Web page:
We released the Hikma product codebase for free open-source and worldwide use under the MIT license. While the architecture is modular, so that other software engineers can easily modify it to build more features to suit their needs, we have containerized a version of the platform with sensible defaults, enabling non-technical users to easily deploy our system around the world.
What was the inspiration behind you working on a project focused on the refugee space?
Here in the United States, it is often easy to lose sight of our roots. If we look back just a few generations, many of our families have refugee stories. Personally, my grandparents were holocaust survivors. Without the help of others to allow them to survive and ultimately escape, it is unlikely I would be alive today. Working on projects that strive to improve the health of refugees is a way in which I hope to pay forward what others have done for my family.
Who is the team behind your startup?
Our team is a multidisciplinary group largely comprised of volunteers, leveraging our diverse skills to improve refugee health. Our business team, led by Hassaan Ebrahim, comprises individuals with deep backgrounds in management, operations, and marketing. Our tech team, led by Sam Brotherton, comprises developers and designers from leading companies, such as Amazon and Google. Our medical team, led by Dr. Michael Chilazi, includes physicians and allied health professionals with expertise in treating chronic conditions in diverse settings. Our team speaks ten languages, and several of us have spent time serving refugees as our patients or students. We are united by our passion for democratizing the digital revolution in healthcare.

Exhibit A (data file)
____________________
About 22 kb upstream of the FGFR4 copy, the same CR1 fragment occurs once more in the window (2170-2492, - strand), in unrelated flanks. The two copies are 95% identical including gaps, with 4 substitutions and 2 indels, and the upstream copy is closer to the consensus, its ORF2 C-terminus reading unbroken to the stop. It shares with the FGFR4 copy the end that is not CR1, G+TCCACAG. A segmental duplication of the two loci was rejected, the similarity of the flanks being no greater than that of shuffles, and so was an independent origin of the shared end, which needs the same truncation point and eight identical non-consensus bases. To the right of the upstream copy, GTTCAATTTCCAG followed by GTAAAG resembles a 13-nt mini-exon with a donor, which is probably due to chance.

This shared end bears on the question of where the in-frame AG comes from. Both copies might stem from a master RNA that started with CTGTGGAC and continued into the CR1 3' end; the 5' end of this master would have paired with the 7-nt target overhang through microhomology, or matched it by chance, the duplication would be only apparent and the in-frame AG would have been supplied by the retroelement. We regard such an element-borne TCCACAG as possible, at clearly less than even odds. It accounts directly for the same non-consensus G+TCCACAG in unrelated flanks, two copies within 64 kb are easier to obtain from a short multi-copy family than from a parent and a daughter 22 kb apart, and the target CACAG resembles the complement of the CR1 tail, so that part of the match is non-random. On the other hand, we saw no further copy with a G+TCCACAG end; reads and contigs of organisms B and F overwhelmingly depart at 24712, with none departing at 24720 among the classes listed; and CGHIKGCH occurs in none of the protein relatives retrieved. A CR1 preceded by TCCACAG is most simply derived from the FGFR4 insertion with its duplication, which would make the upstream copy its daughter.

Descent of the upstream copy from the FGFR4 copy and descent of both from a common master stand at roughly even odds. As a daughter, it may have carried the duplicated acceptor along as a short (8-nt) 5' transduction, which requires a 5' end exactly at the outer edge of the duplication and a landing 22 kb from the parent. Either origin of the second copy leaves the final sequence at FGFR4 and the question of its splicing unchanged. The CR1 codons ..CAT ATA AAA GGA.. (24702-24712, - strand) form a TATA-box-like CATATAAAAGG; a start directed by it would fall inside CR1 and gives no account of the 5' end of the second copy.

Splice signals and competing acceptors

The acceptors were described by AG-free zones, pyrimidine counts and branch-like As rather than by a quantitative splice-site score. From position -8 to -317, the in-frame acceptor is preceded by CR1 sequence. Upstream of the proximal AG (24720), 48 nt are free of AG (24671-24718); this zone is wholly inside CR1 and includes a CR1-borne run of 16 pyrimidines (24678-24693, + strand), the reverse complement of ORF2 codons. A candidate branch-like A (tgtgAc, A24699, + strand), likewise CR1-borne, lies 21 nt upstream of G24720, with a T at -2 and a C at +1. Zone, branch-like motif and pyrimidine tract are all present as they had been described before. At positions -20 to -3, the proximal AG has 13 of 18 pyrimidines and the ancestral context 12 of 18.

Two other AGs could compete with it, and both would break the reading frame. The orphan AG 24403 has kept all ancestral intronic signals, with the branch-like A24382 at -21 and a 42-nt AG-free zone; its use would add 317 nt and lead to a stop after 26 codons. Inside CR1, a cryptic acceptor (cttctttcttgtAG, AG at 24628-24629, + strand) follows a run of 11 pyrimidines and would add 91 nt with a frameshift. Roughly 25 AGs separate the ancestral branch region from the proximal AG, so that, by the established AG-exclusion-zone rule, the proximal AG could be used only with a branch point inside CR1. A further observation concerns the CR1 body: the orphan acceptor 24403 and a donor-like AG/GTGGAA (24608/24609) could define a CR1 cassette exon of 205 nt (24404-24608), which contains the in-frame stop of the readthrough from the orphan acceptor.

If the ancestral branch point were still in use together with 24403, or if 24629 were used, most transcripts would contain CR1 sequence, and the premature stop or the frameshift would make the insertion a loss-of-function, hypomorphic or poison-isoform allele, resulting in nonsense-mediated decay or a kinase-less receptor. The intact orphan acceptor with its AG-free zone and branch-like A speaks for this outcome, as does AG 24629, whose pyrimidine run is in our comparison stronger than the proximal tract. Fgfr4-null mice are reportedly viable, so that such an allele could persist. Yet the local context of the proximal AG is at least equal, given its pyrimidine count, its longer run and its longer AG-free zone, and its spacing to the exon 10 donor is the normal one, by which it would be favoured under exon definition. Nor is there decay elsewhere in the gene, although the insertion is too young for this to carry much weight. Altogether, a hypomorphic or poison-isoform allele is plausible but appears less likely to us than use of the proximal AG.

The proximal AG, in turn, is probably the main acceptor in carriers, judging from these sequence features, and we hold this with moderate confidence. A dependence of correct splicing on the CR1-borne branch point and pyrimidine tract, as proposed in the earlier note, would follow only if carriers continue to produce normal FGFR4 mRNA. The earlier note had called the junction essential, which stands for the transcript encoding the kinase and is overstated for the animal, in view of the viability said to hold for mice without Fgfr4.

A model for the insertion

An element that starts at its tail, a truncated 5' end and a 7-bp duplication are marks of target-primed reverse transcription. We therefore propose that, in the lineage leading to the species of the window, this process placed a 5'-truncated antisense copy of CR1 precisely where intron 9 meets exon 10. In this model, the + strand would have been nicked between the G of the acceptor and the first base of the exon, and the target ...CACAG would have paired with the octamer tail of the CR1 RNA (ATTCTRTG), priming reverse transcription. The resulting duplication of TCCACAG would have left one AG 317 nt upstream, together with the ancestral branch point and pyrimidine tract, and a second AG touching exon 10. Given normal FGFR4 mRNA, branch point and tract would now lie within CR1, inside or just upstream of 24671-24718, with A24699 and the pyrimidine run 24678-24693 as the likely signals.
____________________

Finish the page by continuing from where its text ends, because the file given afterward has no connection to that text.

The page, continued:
We will continue to focus primarily on serving Syrian refugees for the next six months, deploying software for Endless Medical Advantage (EMA). We are a relatively small organization, positively impacting thousands of lives there, and we need to maintain our commitment to those patients first and foremost. At the same time, 2020 is the year in which we aim to scale our model to similarly improve outcomes for refugee patients in other crises around the world. So, we are now exploring potential partnerships with clinical NGOs in Bangladesh, India, Yemen, Uganda, Congo, Colombia, Haiti and Mexico, as well as within the U.S. One advantage of being a software organization is that with relatively small modifications to our core product, we can replicate our success at massive scale and low cost.
Jordan Lebovic (MD/MBA ’20) currently conducts research focusing on radiographic predictors of trauma, cost-effectiveness in orthopedic surgery and augmented-reality applications in operative care. He is also working on a project to better identify victims of intimate partner violence from fracture patterns. He serves on the executive board of Harvard Medical School’s Surgical Society as well as Harvard Medical School’s Makerspace. He has represented the state of Massachusetts as a delegate of Harvard Medical School at the American Medical Association. Before coming to Harvard, Jordan was a Healthcare Consultant at IMS Health (now IQVIA). He graduated Phi Beta Kappa from Columbia University with a degree in Biochemistry.